Wikipedia says that

Classically, electromagnetic radiation consists of electromagnetic waves, which are synchronized oscillations of electric and magnetic fields that propagate at the speed of light through a vacuum. The oscillations of the two fields are perpendicular to each other and perpendicular to the direction of energy and wave propagation, forming a transverse wave.

The page also includes this image:

electromagnetic wave

which shows that.

But I find that sometimes the wave is represented with B-field at is peak on the nodes, like here:

Alternate picture of wave with fields out of phase

taken from Wikimedia Commons, and it would make some sense, too, considering that it grows with acceleration and this is maximal there.

Can you please say if the second picture is wrong, and if those representations are both a mere pictorial, fictional, simplified, arbitrary representation of an EM wave?

Do you know if modern instruments are able to record with precision the oscillations of the electric and magnetic field when detecting photons (now we have lots of collimated photons in laser beams can you detect the fiels at the emittter or receiver) ?


marked as duplicate by garyp, heather, ACuriousMind, user36790, knzhou Aug 22 '16 at 4:52

This question has been asked before and already has an answer. If those answers do not fully address your question, please ask a new question.

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    $\begingroup$ Voting to reopen, as the question in the last sentence is not addressed in the cited duplicate. $\endgroup$ – garyp Aug 22 '16 at 12:47
  • $\begingroup$ I'm going to create a new question focusing on the experimental evidence. $\endgroup$ – garyp Aug 22 '16 at 13:01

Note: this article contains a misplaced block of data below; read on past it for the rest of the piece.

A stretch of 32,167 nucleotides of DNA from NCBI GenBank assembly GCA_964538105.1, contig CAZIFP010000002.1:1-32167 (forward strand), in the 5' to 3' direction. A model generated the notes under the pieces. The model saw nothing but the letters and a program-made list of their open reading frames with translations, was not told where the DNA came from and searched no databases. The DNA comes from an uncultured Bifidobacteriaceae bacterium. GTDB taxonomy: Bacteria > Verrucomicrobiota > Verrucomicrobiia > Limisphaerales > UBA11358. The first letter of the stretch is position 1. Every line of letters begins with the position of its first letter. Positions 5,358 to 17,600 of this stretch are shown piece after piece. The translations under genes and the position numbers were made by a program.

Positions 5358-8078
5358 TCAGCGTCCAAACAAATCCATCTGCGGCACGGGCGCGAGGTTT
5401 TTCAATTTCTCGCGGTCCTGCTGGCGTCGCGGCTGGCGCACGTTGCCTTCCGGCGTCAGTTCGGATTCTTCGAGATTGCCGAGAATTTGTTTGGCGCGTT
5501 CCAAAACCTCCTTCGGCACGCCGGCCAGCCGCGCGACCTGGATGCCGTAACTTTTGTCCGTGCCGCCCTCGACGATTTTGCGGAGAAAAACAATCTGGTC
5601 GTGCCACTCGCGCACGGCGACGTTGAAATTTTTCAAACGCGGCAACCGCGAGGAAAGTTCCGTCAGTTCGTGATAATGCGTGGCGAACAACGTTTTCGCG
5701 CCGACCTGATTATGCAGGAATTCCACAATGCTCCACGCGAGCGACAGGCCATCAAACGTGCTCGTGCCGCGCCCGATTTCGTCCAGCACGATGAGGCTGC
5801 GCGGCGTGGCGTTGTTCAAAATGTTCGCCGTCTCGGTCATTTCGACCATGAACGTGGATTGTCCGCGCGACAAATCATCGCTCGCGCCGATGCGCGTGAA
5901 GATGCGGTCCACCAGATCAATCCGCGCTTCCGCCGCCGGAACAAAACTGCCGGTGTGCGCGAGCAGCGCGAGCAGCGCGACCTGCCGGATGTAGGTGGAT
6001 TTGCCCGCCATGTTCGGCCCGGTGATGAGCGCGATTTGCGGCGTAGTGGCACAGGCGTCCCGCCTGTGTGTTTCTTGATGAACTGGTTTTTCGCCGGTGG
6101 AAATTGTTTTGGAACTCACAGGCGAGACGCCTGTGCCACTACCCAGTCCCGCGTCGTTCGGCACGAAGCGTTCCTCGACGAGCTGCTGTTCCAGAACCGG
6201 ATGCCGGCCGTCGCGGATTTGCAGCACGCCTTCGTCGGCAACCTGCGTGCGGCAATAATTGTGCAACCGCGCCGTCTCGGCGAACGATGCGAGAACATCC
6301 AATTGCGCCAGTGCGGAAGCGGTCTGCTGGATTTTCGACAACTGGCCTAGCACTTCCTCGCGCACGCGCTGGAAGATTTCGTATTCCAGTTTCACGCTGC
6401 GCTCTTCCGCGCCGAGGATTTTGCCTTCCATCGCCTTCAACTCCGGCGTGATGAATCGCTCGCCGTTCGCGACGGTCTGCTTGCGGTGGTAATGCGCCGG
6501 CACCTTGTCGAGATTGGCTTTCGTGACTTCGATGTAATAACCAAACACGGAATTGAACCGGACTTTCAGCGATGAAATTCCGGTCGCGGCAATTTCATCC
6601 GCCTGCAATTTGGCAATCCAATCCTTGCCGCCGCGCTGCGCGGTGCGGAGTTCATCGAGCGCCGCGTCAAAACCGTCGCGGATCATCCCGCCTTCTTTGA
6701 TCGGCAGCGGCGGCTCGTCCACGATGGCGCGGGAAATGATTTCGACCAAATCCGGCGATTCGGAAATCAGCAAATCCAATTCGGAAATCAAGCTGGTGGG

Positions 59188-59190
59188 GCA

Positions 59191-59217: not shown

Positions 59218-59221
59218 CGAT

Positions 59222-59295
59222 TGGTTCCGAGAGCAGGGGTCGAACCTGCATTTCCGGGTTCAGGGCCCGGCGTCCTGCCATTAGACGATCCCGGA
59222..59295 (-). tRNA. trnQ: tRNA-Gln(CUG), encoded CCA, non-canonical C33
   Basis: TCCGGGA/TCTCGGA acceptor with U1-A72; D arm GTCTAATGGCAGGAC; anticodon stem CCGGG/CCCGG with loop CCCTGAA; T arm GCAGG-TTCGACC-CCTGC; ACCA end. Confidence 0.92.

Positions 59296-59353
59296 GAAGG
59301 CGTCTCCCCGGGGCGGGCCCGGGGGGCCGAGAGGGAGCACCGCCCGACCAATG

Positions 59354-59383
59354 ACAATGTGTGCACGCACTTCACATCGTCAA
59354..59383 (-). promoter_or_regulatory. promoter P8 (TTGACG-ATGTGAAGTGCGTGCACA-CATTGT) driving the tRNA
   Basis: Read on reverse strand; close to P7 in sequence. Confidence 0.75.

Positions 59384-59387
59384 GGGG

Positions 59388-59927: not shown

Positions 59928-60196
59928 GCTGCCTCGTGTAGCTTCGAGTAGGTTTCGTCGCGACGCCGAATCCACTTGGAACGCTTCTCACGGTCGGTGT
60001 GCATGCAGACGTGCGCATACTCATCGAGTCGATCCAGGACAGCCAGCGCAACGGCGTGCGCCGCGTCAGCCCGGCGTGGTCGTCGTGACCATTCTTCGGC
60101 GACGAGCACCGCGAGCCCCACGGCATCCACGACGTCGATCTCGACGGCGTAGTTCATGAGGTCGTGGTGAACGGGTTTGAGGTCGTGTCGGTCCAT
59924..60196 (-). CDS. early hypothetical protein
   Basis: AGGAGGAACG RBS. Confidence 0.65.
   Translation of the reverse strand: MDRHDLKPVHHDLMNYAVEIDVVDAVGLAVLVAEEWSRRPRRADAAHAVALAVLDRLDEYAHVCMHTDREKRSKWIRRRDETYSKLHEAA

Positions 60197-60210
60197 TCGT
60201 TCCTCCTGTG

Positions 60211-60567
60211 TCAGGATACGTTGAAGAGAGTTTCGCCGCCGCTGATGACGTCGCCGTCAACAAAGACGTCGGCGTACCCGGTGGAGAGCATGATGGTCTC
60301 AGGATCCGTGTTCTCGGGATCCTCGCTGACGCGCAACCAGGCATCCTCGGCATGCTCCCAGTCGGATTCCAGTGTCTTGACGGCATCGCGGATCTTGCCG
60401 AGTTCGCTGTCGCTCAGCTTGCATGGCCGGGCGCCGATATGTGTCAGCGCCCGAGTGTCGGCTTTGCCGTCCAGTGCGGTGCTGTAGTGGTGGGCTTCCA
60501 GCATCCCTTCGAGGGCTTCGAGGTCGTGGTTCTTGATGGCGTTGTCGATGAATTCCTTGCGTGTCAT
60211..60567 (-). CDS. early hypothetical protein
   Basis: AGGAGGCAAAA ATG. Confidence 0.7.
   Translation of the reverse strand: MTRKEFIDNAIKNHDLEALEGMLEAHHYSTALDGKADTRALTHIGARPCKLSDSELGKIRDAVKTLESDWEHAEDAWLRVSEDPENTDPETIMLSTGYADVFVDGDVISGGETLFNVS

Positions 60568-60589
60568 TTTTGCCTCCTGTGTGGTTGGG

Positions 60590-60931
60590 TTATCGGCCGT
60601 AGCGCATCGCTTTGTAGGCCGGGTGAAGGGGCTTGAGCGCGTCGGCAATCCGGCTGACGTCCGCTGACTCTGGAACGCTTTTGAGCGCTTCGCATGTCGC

• $\begingroup$ Just making a note in response to some now-deleted comments that failure to cite and quote copied material is never okay, regardless of the quality of the source. $\endgroup$ – David Z Aug 22 '16 at 14:21
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    $\begingroup$ @garyp Indeed the final sentence poses a non-duplicate question, but unfortunately the main problem here is that the post asks multiple questions. So, part of it is a duplicate and part is not. OP should edit the post down to a single focused question. $\endgroup$ – DanielSank Aug 28 '16 at 23:10
  • $\begingroup$ @DanielSank, why multiple question? is laser not light? the question is one, and then there is the request to support the answer with experimental evidence $\endgroup$ – user104372 Aug 29 '16 at 4:39

The shift of 90° between the maximum of the electric field component to the magnetic field component is a very natural view on how photons are propagating in free space. First this is the situation in the near field of an antenna radiation. An electric field induces a magnetic field induces again a magnetic field and so on. Second this shift conserves the energy content of the photon in any point of it's movement in space.

The derivation of the sin is a cos is a -sin is a -cos and perhaps it is possible to transform Maxwells equations in such a way, isn't it?

Perhaps it is possible to interprete in the far field of the radio waves as no shifted by 90° but my question about measurement results for such a interpretation does not get any source to this measurements.

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    $\begingroup$ I don't think this answers the question. Also, note that the phase shift has nothing to do with conservation of energy. Energy is conserved when there is a phase shift (near the antenna) and when there is no phase shift (far away from the antenna). Note also that using the language of photons and the language of fields at the same time leads to a confused picture. $\endgroup$ – garyp Aug 21 '16 at 11:59
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    $\begingroup$ @garyp It seems to be a mantra that in the far field of a radio wave there is no shift since it was never measured, see your own comment. And how we can learn something about photons if not from the behaviour of radio waves there a huge number of photons get emitted from accelerated electrons? The appearing fields are made from this photons and this is why we know that each photon has varying electric and magnetic field components. $\endgroup$ – HolgerFiedler Aug 21 '16 at 12:05